Euclid's Parallel Postulate: Its Nature, Validity and Place in Geometrical Systems
by John William Withers
Publisher: Open Court Publishing Co. 1904
Number of pages: 214
The parallel postulate is the only distinctive characteristic of Euclid. To pronounce upon its validity and general philosophical significance without endeavoring to know what Non-Euclideans have done would be an inexcusable blunder. For this reason I have given in the following pages what might otherwise seem to be an undue prominence to the historical aspect of my general problem.
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by Julian Lowell Coolidge - Oxford At The Clarendon Press
Chapters include: Foundation For Metrical Geometry In A Limited Region; Congruent Transformations; Introduction Of Trigonometric Formulae; Analytic Formulae; Consistency And Significance Of The Axioms; Geometric And Analytic Extension Of Space; etc.
by Henry Manning - Ginn and Company
This book gives a simple and direct account of the Non-Euclidean Geometry, and one which presupposes but little knowledge of Mathematics. The entire book can be read by one who has taken the mathematical courses commonly given in our colleges.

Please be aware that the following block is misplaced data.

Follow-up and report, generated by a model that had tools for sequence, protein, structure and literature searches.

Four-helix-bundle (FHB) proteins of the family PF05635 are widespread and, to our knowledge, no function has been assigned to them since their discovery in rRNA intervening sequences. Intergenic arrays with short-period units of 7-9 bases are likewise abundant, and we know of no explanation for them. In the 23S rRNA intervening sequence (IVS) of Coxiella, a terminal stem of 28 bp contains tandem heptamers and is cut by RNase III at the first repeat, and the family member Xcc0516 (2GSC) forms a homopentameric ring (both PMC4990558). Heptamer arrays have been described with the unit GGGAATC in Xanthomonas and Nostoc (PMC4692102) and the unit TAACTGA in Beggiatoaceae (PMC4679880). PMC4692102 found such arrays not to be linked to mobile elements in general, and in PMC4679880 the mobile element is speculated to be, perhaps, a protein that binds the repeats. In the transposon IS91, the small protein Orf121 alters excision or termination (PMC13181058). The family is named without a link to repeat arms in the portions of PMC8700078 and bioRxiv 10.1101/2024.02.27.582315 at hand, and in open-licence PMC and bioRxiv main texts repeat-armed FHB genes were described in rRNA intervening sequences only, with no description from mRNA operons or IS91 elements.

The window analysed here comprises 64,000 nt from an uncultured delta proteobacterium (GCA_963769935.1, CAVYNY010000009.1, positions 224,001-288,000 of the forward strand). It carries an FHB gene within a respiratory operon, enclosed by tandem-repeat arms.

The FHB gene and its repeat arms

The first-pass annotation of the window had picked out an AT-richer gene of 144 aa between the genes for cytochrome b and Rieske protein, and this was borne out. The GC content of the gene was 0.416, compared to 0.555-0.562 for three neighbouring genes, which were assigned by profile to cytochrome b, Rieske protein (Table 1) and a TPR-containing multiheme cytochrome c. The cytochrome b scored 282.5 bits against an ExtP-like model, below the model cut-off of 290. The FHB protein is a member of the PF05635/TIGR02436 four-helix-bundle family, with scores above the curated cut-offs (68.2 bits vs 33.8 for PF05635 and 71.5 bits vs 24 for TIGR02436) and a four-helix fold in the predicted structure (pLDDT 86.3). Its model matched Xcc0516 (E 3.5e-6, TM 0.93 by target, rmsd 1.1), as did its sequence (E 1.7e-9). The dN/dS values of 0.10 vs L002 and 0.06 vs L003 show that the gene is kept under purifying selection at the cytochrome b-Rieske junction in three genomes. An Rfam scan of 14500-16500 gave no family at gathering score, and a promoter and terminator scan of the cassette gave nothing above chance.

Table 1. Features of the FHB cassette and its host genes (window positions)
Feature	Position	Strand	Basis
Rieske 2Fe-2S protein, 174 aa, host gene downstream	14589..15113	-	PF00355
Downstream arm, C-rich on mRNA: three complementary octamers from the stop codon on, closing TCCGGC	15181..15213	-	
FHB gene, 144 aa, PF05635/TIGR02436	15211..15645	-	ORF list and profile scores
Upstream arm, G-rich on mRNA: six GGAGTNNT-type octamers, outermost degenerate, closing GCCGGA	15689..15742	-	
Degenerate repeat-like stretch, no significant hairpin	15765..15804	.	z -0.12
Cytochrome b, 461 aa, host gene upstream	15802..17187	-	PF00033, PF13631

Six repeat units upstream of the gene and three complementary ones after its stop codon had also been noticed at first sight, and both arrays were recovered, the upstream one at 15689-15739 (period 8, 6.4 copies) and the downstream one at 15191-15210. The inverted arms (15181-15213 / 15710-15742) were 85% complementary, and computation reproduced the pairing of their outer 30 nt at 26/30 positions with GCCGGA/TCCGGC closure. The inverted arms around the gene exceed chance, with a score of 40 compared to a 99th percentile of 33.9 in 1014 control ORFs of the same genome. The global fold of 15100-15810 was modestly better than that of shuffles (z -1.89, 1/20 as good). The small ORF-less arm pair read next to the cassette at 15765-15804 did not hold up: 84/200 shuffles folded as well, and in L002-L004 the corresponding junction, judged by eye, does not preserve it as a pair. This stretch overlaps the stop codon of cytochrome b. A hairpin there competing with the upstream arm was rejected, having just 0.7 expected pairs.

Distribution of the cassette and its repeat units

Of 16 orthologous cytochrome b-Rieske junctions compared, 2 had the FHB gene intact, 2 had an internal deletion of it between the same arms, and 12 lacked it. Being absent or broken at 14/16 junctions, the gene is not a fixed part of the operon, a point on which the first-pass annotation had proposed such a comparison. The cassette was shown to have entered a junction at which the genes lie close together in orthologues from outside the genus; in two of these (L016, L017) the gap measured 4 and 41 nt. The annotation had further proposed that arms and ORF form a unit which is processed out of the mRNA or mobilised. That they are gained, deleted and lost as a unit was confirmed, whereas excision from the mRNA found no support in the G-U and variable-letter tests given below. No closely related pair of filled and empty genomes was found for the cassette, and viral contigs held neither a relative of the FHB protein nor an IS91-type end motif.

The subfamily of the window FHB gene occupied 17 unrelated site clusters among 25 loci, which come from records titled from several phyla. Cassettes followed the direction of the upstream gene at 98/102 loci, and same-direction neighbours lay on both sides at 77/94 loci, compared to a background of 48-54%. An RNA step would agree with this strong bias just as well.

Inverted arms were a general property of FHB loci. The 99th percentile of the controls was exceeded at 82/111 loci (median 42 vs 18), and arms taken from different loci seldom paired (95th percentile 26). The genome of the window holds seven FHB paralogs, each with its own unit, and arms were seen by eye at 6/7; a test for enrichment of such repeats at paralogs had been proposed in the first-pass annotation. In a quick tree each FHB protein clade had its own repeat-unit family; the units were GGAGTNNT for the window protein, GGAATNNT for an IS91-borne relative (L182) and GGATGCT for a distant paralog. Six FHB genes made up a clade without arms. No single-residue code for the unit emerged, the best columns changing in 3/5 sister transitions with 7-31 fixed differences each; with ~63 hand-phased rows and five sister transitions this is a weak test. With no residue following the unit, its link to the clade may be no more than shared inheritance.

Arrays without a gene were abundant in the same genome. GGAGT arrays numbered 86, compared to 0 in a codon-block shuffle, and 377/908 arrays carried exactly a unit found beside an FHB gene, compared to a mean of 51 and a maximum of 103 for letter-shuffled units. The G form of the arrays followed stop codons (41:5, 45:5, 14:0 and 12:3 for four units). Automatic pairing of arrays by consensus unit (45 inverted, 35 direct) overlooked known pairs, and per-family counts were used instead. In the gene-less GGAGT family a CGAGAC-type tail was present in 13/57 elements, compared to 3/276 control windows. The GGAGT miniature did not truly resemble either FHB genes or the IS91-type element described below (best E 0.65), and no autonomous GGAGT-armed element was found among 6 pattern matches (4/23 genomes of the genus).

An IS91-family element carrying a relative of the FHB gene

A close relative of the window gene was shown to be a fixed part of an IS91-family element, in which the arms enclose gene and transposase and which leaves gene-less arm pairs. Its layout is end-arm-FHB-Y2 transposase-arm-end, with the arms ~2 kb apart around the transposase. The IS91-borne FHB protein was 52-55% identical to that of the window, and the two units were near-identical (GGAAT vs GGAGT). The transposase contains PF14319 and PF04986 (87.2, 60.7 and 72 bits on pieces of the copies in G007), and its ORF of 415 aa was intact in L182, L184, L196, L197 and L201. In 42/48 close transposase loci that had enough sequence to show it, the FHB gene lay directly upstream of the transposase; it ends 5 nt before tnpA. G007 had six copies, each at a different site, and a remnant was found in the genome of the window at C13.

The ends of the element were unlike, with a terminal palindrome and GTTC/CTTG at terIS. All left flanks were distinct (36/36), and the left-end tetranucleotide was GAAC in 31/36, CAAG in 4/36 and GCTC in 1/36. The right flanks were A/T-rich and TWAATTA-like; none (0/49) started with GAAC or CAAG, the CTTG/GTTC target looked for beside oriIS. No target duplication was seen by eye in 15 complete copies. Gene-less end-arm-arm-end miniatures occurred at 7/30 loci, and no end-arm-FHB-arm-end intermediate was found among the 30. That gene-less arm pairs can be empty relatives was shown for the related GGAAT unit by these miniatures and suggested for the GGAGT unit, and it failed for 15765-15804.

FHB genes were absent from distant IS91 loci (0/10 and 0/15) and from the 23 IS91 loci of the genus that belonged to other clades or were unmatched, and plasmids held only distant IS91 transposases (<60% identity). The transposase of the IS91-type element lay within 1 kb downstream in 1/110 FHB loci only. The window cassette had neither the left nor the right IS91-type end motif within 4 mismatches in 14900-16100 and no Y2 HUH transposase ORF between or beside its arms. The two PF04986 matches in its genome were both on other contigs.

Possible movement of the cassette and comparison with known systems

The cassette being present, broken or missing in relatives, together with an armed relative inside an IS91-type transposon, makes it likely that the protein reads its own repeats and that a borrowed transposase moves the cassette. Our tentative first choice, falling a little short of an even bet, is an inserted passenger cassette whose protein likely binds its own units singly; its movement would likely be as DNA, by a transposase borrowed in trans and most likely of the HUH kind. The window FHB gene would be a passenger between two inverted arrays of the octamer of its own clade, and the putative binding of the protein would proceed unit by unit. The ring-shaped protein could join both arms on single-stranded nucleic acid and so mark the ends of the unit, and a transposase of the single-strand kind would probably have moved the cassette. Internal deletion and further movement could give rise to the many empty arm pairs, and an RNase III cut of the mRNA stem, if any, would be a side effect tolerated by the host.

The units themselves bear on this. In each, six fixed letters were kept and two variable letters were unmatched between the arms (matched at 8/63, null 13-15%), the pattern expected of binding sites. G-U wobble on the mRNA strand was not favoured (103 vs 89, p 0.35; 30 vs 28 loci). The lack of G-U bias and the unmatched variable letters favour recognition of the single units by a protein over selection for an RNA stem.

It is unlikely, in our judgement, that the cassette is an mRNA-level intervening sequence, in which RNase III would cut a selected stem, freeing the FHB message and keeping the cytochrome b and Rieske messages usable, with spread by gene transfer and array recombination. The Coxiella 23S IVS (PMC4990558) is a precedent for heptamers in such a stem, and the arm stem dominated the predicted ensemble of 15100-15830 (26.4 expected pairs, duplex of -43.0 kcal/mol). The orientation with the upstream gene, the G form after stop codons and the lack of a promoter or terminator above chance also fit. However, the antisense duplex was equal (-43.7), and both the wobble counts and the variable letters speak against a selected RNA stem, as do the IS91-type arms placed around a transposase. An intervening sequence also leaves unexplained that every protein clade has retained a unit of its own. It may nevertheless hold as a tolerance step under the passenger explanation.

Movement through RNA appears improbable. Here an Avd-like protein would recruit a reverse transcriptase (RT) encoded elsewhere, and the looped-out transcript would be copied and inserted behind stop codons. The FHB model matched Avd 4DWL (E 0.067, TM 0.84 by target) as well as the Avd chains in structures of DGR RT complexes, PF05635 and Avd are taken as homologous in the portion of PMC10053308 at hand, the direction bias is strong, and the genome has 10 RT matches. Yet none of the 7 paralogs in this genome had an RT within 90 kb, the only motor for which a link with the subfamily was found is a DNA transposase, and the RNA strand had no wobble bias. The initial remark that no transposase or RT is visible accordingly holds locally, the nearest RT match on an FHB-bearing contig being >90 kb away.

by Horatio Scott Carslaw - Longmans, Green and co.
In this book the author has attempted to treat the Elements of Non-Euclidean Plane Geometry and Trigonometry in such a way as to prove useful to teachers of Elementary Geometry in schools and colleges. Hyperbolic and elliptic geometry are covered.
by Roberto Bonola - Open Court Publishing Company
Examines various attempts to prove Euclid's parallel postulate - by the Greeks, Arabs and Renaissance mathematicians. It considers forerunners and founders such as Saccheri, Lambert, Legendre, Gauss, Schweikart, Taurinus, J. Bolyai and Lobachewsky.